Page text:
Need Blind: Vision Spring and Warby Parker Shake Up Eyewear With Impact
Friday, March 16, 2012
The right pair of glasses can give the gift of sight. The wrong pair can leave you looking like a coke-bottled doofus.
Eyewear is both a medical necessity and a fashion statement, and the companies who dominate the industry have a hold on both factors. Many of their customers would rather pay top dollar—or go without glasses altogether—rather than get stuck with the wrong pair. But if you can’t afford the price, new glasses often aren’t an option.
Social enterprises Warby Parker and VisionSpring are finding innovative ways to bring glasses to people who can’t afford huge markups. VisionSpring, a nonprofit social enterprise, focuses on selling low-cost glasses to people earning between $1 and $4 per day. Warby Parker, a for-profit B-Corp, sells affordable eyewear in the domestic market while donating a pair of frames to VisionSpring for each pair it sells. “It didn’t make sense to us that a pair of glasses costs as much as an iPhone,” says Warby Parker co-founder Neil Blumenthal.
Seeing the Need
VisionSpring founder Dr. Jordan Kassalow, an ophthalmologist by trade, spent his early career offering eye care services to underserved populations. His first patient was a 7-year-old boy who was attending a school for the blind. When Kassalow examined the child, he realized he wasn’t actually blind, but needed a very powerful prescription. “Being the person who got to put those glasses on his face for the first time, and see him move from a blinded child to a sighted child right in front of me was a very powerful moment that really changed both of our lives,” he says.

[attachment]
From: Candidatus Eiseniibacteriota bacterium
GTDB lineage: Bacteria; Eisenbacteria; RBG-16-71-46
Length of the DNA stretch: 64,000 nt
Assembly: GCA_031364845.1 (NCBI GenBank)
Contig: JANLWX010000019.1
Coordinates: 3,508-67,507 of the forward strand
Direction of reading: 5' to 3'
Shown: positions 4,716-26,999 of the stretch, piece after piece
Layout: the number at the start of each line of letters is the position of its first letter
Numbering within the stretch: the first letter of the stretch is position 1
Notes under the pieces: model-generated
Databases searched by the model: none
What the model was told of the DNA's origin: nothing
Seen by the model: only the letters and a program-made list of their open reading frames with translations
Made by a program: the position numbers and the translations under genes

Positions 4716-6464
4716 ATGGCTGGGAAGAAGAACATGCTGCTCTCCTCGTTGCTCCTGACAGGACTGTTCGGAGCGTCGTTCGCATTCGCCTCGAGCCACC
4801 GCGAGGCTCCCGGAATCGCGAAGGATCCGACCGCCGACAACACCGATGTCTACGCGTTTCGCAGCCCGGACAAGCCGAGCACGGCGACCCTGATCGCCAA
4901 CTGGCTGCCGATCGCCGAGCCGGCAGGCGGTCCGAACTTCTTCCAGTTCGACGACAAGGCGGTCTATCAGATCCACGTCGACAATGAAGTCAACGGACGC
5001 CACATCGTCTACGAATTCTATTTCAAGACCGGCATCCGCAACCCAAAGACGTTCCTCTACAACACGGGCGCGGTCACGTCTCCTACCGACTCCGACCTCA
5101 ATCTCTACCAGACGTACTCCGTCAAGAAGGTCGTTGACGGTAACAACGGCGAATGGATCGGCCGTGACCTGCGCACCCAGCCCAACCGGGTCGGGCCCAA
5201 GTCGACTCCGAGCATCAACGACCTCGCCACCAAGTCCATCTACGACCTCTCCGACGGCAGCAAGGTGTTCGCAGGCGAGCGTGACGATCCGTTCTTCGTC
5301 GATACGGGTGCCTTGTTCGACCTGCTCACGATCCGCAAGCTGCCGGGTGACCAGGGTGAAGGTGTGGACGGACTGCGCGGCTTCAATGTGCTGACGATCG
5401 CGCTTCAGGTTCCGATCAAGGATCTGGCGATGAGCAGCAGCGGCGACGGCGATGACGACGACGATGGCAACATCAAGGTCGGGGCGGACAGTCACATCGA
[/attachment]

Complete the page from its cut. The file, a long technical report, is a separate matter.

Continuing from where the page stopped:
Kassalow worked in India for a year and spent another eight fightingriver blindness caused by an insect parasite in Africa. He became acutely aware that around 700 million people globally need glasses, 400 million of whom only require reading glasses. Receiving a prescription changed people’s lives dramatically. So in 2002, a time before benefit corporation and L3C designations, Kassalow founded VisionSpring, carving out new territory in the typical nonprofit structure. “I had no interest in starting a charity model,” he says, “because I felt strongly that in order to solve this problem in any significant way, you had to make the markets work… there weren’t enough donation dollars in the world that would make it scale.”
Instead, VisionSpring, working directly with manufacturers, circumvented eyewear companies that concentrate on the 10 percent of the populace in developing countries who own 90 percent of the wealth. “The vast majority of the 4 billion people in the world who earn less than four dollars a day is really the ignored market by the global multi-national optical industry,” Kassalow says.
By training 9,000 “vision entrepreneurs”—predominantly women in 13 developing countries—VisionSpring builds microenterprises within communities to sell low-cost glasses to customers who could not afford them otherwise. VisionSpring not only brings vision to those who need it, but demonstrates to the optical industry, “hey, there’s a market down here if you guys would pay attention to them,” Kassalow says.
Warby Parker co-founder Blumenthal got his start in the optical world at VisionSpring, running field operations for the organization. Among the lessons he learned (including how to source low-cost eyewear directly) was that “fashion matters no matter where you live in the world. You’d rather be blind than wear a used pair of 1970s cat eyes if you live in Bangladesh… you’ll get ridiculed by your friends and family,” he says. “There’s that same social construct, regardless of socio-economic status.”
So instead of giving away glasses in developing countries, VisionSpring’s model means designing, marketing and wooing value-conscious customers just as they would in the developed world. The process also taught Blumenthal that creating an affordable eyewear market can be a valuable service.